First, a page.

ROBERT PARRY: Well, I think in essence Amy, what we have seen here is a continuation in this administration of some of the approaches that became -- that really became very prominent in the Reagan administration. First, there is the manipulating of intelligence, exaggerating dangers that occurred both in strategic level with the Soviet Union in trying to present the Soviet Union as much more aggressive and powerful and effective than it turned out to be. It was a country on the verge of collapse. Then also exaggerating the threats from praises like Nicaragua, which were a Third World countries that were very much on the defensive and they were presented as threats to the United States. This was a systematic falsification of U.S. Intelligence and occurred at the C.I.A. The analytical division of the C.I.A. was virtually destroyed during that period of the 1980's under Bill Casey and Robert Gates. This was very important because before then, there was much more independence within the C.I.A.'s analytical division. Afterwards, there became -- the C.I.A. basically became a conveyor belt for propaganda. We have seen that reoccur now with the Iraq situation when again, intelligence was falsified, and the threats were exaggerated, and then policies were put together to respond to those exaggerated threats. We have just seen the continuation of some very deceptive approaches to government and many of the people that took part in them has -- I think the first caller mentioned and Dr. Chomsky mentioned were the same people involved today. And they just continued to follow the same policies. It was also an important element of this, which goes to the idea of perception management, which was a concept that was put in place during the early 80's and the basic idea was that if you managed the perceptions to the American people about various event, particularly foreign events, that you can taken take actions that would not be supported by the American people, if seen in their full context. What we have seen with that is the idea if the people of the United States perceive Nicaragua to be a threat to their security, they would support the sending of weapons and the supporting the contras. If they saw the Sandinistas as being what they were, a struggling little government in Nicaragua, they probably wouldn't. The problem has often been that in the case of these kinds of events, perception management became the role. That's continued to today with Iraq.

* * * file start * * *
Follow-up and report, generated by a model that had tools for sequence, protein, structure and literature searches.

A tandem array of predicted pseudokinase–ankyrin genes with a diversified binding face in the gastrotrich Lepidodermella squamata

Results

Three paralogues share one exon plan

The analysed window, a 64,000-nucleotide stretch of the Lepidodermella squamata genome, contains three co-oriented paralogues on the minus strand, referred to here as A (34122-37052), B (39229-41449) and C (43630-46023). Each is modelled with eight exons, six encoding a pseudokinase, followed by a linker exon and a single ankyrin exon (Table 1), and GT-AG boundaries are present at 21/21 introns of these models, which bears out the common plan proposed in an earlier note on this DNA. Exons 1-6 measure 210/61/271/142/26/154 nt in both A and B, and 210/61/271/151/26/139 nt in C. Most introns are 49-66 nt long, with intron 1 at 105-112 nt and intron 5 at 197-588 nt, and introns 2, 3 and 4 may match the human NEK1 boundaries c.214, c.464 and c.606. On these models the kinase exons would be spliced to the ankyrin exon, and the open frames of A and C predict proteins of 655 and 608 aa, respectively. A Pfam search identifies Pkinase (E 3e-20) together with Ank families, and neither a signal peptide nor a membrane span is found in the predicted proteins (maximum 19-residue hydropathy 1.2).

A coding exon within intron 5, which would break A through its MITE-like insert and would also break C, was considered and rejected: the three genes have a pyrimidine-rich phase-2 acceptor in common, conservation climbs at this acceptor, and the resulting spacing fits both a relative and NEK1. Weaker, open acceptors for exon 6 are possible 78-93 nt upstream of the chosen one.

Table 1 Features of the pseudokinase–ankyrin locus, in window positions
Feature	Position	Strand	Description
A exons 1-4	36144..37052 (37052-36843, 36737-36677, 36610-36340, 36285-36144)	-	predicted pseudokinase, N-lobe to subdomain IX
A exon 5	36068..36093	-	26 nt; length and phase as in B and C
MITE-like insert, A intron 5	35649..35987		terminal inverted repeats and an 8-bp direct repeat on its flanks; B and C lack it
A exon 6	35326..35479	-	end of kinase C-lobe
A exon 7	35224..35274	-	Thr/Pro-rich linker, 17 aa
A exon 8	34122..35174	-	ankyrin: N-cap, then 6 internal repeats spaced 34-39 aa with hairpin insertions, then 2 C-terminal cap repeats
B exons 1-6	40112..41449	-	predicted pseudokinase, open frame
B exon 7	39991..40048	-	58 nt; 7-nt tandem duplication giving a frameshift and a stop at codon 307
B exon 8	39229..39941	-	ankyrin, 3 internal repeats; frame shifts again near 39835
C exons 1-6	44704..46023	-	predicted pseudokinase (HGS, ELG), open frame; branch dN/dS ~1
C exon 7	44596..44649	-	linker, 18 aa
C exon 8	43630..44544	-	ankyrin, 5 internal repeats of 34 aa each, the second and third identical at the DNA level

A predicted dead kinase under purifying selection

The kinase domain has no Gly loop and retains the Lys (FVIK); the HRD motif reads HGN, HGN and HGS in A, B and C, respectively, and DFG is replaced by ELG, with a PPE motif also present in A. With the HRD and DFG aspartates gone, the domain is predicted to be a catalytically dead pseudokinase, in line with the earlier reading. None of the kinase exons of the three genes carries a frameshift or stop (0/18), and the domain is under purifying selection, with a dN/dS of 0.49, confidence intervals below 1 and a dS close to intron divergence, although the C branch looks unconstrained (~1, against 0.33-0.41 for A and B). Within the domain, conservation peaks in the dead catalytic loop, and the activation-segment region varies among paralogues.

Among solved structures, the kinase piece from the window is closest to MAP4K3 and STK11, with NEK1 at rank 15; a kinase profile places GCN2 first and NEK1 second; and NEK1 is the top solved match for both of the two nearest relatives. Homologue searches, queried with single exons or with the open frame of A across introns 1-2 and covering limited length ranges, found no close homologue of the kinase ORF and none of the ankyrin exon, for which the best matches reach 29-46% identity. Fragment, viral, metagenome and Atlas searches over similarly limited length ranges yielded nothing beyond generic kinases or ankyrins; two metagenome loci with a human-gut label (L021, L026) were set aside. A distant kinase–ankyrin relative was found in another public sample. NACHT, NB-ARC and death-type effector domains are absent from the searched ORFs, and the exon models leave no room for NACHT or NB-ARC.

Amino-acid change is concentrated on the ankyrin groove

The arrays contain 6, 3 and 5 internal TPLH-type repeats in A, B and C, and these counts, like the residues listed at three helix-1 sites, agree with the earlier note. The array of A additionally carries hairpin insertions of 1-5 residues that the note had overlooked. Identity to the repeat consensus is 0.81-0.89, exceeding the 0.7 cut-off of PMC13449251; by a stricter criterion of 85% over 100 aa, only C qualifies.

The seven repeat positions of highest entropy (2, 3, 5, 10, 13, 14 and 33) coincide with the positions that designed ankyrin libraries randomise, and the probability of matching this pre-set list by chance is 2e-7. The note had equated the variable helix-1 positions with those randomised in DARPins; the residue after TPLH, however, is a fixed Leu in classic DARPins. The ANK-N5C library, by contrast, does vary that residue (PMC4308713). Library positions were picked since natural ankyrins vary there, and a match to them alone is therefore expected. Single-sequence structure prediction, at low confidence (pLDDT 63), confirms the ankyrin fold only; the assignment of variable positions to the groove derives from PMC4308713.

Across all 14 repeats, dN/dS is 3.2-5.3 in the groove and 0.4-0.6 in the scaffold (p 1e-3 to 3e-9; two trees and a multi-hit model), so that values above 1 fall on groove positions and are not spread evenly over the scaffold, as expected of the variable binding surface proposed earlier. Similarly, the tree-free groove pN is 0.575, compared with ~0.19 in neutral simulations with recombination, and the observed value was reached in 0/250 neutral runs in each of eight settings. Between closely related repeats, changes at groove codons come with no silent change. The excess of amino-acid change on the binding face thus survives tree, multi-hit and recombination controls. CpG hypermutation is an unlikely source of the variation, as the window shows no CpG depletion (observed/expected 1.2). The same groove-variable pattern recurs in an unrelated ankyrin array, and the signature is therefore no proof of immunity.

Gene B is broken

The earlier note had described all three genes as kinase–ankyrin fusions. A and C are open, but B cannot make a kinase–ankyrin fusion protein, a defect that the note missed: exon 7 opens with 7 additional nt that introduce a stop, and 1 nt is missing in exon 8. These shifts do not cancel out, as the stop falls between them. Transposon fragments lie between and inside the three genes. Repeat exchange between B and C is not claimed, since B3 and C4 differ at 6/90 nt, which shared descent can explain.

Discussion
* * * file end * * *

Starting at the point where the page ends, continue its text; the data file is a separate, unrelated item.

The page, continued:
15. Rocket River

    Rocket River Member

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    is this truly the Principals of Conservatism??

    this is the 1st time i've seen them wrote down

    Rocket River
     
  16. Faos

    Faos Contributing Member

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    Didn't Clinton have 8 years to fix the homeless problem?
     
  17. Rocket River

    Rocket River Member

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    somethings cannot be so easily UN?FIXEd

    Try putting the toothpaste back in the tube

    Rocket River
     
  18. GladiatoRowdy

    GladiatoRowdy Contributing Member

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    During how many of those years did the GOP control the Congress???
     
  19. Deji McGever

    Deji McGever Contributing Member

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    When I was working out yesterday, I watched the little scroll at the bottom of CNN that said all "non-essential federal employees" would be off from work out of respect to Reagan.

    I was thinking how ironic that was. It made me laugh.
     
  20. rimrocker

    rimrocker Contributing Member

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    And the Band Played On, by Randy Shilts.

    A great and frustrating and maddening read. Still holds up.